#IMWeekly: January 17, 2015

by adrienne debigare

US: In first days of Silk Road trial, undercover agent explains Ulbricht’s capture

In the first day of the Silk Road trial, prosecutors called to the stand the Homeland Security agent who infiltrated and eventually toppled Silk Road’s network. The agent explained the surprisingly low-tech fashion in which they identified the defendant, Ross Ulbricht. According to court testimony, agents physically surveilled Ulbricht open and close his laptop, and matched it to the moments Dread Pirate Roberts logged on and off of Silk Road. As the trial progresses, this could prove very interesting as the defense plans to argue that Ross Ulbricht was set up by the real Dread Pirate Roberts, CEO Mark Karpeles of the now-defunct Bitcoin exchange, Mt. Gox.

Sweden: Pirate Party Hacks security leadership with open Wi-Fi conference network 

The youth wing of Sweden’s Pirate Party hacked attendees of a security and defense conference in the country by creating an open Wi-Fi network labelled “Open Guest.” The move was a statement about and resistance to growing calls for greater surveillance of the public. "The security establishment was in Sälen pushing for more surveillance, but then leading figures go an[sic] log on to an unsecure wi-fi network," said mastermind Gustav Nipe to Swedish newspaper The Local.

Britain: Ex Formula 1 racer sues Google over pornographic images with right to be forgotten

Max Mosley, former Formula 1 competitor, is suing the tech giant Google to remove photos of him in an orgy that were leaked by a newspaper in 2008. Previously, Mosley was successful in suing the paper News Group Newspapers Limited (NGN) over the accompanying article claiming the event was Nazi themed, but not for the existence of the images themselves. This is the first time the EU’s Right to be Forgotten legislation has been used to attempt to force the company to censor information, rather than just remove the links from indexing. Google is resisting, but Mosley is currently expected to win the case.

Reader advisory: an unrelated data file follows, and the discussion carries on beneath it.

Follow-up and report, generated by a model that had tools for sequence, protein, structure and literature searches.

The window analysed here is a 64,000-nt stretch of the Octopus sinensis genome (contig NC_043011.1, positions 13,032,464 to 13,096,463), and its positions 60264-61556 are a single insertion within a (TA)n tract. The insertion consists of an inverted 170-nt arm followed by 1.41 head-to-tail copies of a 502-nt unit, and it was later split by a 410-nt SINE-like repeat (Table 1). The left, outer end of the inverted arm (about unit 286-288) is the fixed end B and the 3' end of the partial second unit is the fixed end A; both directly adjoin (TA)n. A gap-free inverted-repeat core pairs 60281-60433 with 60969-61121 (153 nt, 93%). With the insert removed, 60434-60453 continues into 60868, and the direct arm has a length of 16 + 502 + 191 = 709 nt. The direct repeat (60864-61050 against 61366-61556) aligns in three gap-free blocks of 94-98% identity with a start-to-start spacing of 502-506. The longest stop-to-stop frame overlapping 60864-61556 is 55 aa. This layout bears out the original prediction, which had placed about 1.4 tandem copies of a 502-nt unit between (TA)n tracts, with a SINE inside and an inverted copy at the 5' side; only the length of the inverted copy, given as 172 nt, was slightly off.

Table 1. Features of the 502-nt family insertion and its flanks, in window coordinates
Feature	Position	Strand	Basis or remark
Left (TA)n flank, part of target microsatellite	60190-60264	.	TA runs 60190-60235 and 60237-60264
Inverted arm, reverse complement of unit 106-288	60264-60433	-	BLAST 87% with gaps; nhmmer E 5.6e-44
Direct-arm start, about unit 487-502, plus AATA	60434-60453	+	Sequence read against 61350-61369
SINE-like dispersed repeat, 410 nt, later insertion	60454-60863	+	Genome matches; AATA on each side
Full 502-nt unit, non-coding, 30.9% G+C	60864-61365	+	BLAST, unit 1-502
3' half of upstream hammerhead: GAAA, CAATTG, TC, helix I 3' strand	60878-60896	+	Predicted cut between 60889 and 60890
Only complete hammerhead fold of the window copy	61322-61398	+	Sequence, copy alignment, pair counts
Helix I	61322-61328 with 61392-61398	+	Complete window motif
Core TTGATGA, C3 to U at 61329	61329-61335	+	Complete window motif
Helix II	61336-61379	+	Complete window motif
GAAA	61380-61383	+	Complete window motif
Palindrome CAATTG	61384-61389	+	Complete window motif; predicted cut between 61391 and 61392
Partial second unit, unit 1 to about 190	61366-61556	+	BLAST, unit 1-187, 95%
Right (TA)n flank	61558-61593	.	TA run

Worldwide: Charlie Hebdo attacks could lead to more Internet surveillance

Officials in Europe, the US, and Canada are all calling for increased surveillance in the wake of the attack on the magazine Charlie Hebdo. A statement by 11 EU nations calls for the cooperation of Internet providers to monitor or remove “content ‘that aims to incite hatred and terror.’” While rights groups are decrying the measure, they are seemingly drowned out by the voices of those seeking greater domestic security.

Sri Lanka: New president vows an easing to Internet censorship and greater freedom of speech 

Former Sri Lankan president Mahinda Rajapaksa was recently voted out of office after a decade of authoritarian rule. In his place, the newly elected Maithripala Sirisena has vowed to ease censorship and ensure greater freedom of the press. Prime Minister Ranil Wickremesinghe issued a statement saying reporters should feel free to say what they want without being abducted. In a show of solidarity with the journalistic community, the new regime also promised to look into the past offenses against the journalistic community.

#imweekly is a weekly round-up of news about Internet content controls and activity around the world. To read more, click here.